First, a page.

WTO ruling by replacing U.S. gasoline cleanliness regulations with
a policy that the U.S. government previously had estimated would produce a five
percent to seven percent increase in annual emissions of nitrous oxide from imported gasoline.
Case 2: U.S. dolphin
protection laws undermined. After years of sustained trade law challenges, the Bush administration decided to quietly
implement a change to a “dolphin safe” labeling policy which Mexico had demanded as
necessary to implement a GATT ruling. (Mexico had threatened a new WTO case if
their demands were not met). On New Years Eve 2002, when few Americans were focused on policy matters, the Bush
administration announced that it would change the “Flipper-friendly” tuna policy to allow the “dolphin-safe”
label to be used on tuna caught using deadly purse seine nets and dolphin encirclement. This regulation is now being challenged
in federal court.
Case 3: U.S. weakens
sea turtle protections in the U.S. Endangered Species Act. When
the WTO ruled against U.S. Endangered Species Act rules protecting sea turtles from getting killed in shrimpers’ nets,
the U.S. complied with the WTO order by replacing the requirement that all countries seeking to sell shrimp in the U.S. had
to ensure that their shrimpers used turtle exclusion devices. The new policy is based on an unenforceable rule that allows
into the U.S. all shrimp carried by any ship with turtle protection
technology, regardless of whether the ship had actually caught the shrimp.
Threat 1: Hong Kong’s WTO complaint
against U.S. anti-invasive species rules. U.S. regulatory efforts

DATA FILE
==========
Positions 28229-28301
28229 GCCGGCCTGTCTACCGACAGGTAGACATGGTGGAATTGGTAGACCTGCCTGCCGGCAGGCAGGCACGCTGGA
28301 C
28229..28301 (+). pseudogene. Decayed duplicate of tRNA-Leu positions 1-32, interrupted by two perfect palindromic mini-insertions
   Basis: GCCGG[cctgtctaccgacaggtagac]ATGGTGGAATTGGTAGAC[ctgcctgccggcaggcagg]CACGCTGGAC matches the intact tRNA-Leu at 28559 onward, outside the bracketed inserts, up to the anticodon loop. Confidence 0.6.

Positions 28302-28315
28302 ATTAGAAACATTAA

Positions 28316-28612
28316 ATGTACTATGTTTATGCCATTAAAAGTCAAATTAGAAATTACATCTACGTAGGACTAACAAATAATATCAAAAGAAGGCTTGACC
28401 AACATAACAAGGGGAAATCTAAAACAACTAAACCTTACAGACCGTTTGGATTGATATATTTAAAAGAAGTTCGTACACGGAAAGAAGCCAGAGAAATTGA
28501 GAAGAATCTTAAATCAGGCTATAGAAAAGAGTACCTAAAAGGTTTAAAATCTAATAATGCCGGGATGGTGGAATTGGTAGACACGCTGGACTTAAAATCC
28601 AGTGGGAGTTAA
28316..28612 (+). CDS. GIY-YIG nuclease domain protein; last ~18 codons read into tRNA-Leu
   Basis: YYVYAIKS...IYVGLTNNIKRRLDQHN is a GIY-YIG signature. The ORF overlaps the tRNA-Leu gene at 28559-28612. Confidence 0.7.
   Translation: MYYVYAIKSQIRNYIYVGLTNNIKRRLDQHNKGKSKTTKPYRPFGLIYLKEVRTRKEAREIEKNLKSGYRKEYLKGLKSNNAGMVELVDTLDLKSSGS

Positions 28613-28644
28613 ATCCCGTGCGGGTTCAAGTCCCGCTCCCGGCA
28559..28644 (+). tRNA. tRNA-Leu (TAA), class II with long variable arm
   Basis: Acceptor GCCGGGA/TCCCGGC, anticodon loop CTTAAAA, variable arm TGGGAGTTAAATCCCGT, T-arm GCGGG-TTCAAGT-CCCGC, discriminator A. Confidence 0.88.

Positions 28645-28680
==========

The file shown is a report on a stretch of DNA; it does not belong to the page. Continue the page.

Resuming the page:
to fight the costly infestation of the Asian Longhorned Beetle (which is devastating maple and other trees throughout the
U.S.) were threatened as violating WTO rules—to the extent that the
USDA is now considering watering down regulations requiring treatment of raw wood packing material to comply with a weaker,
WTO-sanctioned “international” standard.
Threat 2: WTO threats undermine EU
ban on cruelly trapped fur. The threat of a WTO challenge by the U.S. and Canada convinced the
EU to effectively abandon a policy passed by the European Parliament to ban the sale of furs—including imported fur—caught
with steel jaw leg traps. The policy would have only permitted certain animal furs from countries with a ban on steel jaw
leg traps to enter the European market. The threat of a WTO challenge eventually convinced the EU to effectively abandon
Threat 3: WTO threats against Japan’s fulfillment
of its obligations under the Kyoto Protocol. Japan’s new automobile
engine efficiency and emissions policies aimed at meeting its obligations under the Kyoto Protocol have faced a WTO threat
by the U.S. and EU.
New threats: The U.S. is currently
considering a challenge to a proposed EU chemicals policy called REACH (Registration Evaluation and Authorization of Chemicals).
At the U.S. chemical industry's behest, in April of 2003, the U.S.
State Department sent a demarche characterizing this EU proposal as an "obstacle to trade" which will "distort global
markets." REACH would place responsibility on chemicals manufacturers (both domestic and foreign) for testing thousands of
older chemical products for toxicity. Globally, there are over 85,000 chemicals in the international stream of commerce,
however, less than ten percent of these chemicals actually have toxicity data describing the health and environmental consequences
of their usage. Since a demarche often proceeds an official U.S. trade challenge,
many commentators have characterized this issue as the next big transatlantic trade battle.